Eaton Hayward Y StrainerY-Strainers are devices for mechanically removing solids from flowing liquids or gases by means of a perforated or wire mesh straining element. They are used in pipelines to protect equipment such as pumps, meters, control valves, steam traps and regulators.

Although there are occasional exceptions, the use of Y-strainers generally follows several rules. First, they are ordinarily employed where the amount of material to be removed is small. Size for size, their dirt holding capacity is less than a basket strainer. Next, Y-strainers are usually installed when frequent clean-out is not needed. There are Y-strainers in service on steam lines, for example, that are not cleaned more than once a year. Generally, Y-strainers are used with gases such as steam or air. Basket strainers are used with liquids.

For handling steam, a Y-Strainer is the standard and is almost universally used. Its compact, cylindrical shape is very strong and can handle high pressures. It is, literally, a pressure vessel. Y-strainers which handle pressures up to 6,000 psi are not uncommon. Of course, in these cases, safety is very important and Y-strainers, if properly designed, can be used at these pressures without fear of failure. When high pressure steam is being handled, another complicating factor arises – temperature. With steam pressures of 1500 psi or higher, standard carbon steel is sometimes not suitable because the steam temperature may be 1000 degrees F or even higher. In these cases, the Y-strainer body is generally made of chrome-moly steel.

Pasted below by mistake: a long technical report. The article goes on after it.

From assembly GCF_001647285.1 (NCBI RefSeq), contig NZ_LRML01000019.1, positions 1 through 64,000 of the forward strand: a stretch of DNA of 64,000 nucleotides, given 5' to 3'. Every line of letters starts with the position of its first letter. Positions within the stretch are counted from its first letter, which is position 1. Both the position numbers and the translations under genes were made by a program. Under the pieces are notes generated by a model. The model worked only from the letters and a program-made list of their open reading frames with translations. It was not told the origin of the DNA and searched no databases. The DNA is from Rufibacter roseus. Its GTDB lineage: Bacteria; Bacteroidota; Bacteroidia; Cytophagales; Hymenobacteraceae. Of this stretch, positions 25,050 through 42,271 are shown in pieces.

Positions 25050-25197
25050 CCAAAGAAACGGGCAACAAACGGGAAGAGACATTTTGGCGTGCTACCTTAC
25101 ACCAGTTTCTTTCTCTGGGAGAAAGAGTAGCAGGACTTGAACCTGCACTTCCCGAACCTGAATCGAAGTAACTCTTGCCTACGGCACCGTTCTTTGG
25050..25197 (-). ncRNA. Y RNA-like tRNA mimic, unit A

Besides steam, the other gases most commonly used and requiring strainers are air and natural gas. Here again, high pressures are not uncommon. However, unlike steam, high air pressure does not automatically mean high temperature and so ordinary carbon steel bodies of sufficient wall thickness will generally suffice.

A Y-strainer has the advantage of being able to be installed in either a horizontal or vertical position. Obviously, in both cases, the screening element must be on the “down side” of the strainer body so the entrapped material can properly collect in it.

Size of size, a Y-strainer will offer more pressure drop than a basket strainer since its free straining area is less. This is why basket strainers are preferred for liquids. Gases, being readily compressible, will flow through Y-strainers of the same size as a pipeline easily, with little pressure loss. This is assuming the Y-strainer is properly designed and of adequate size. Some manufactures reduce the size of the Y-strainer body to save material and to cut costs. Before installing a Y-strainer, be sure it is large enough to properly handle the flow. A low priced strainer may be an indication of an undersized unit.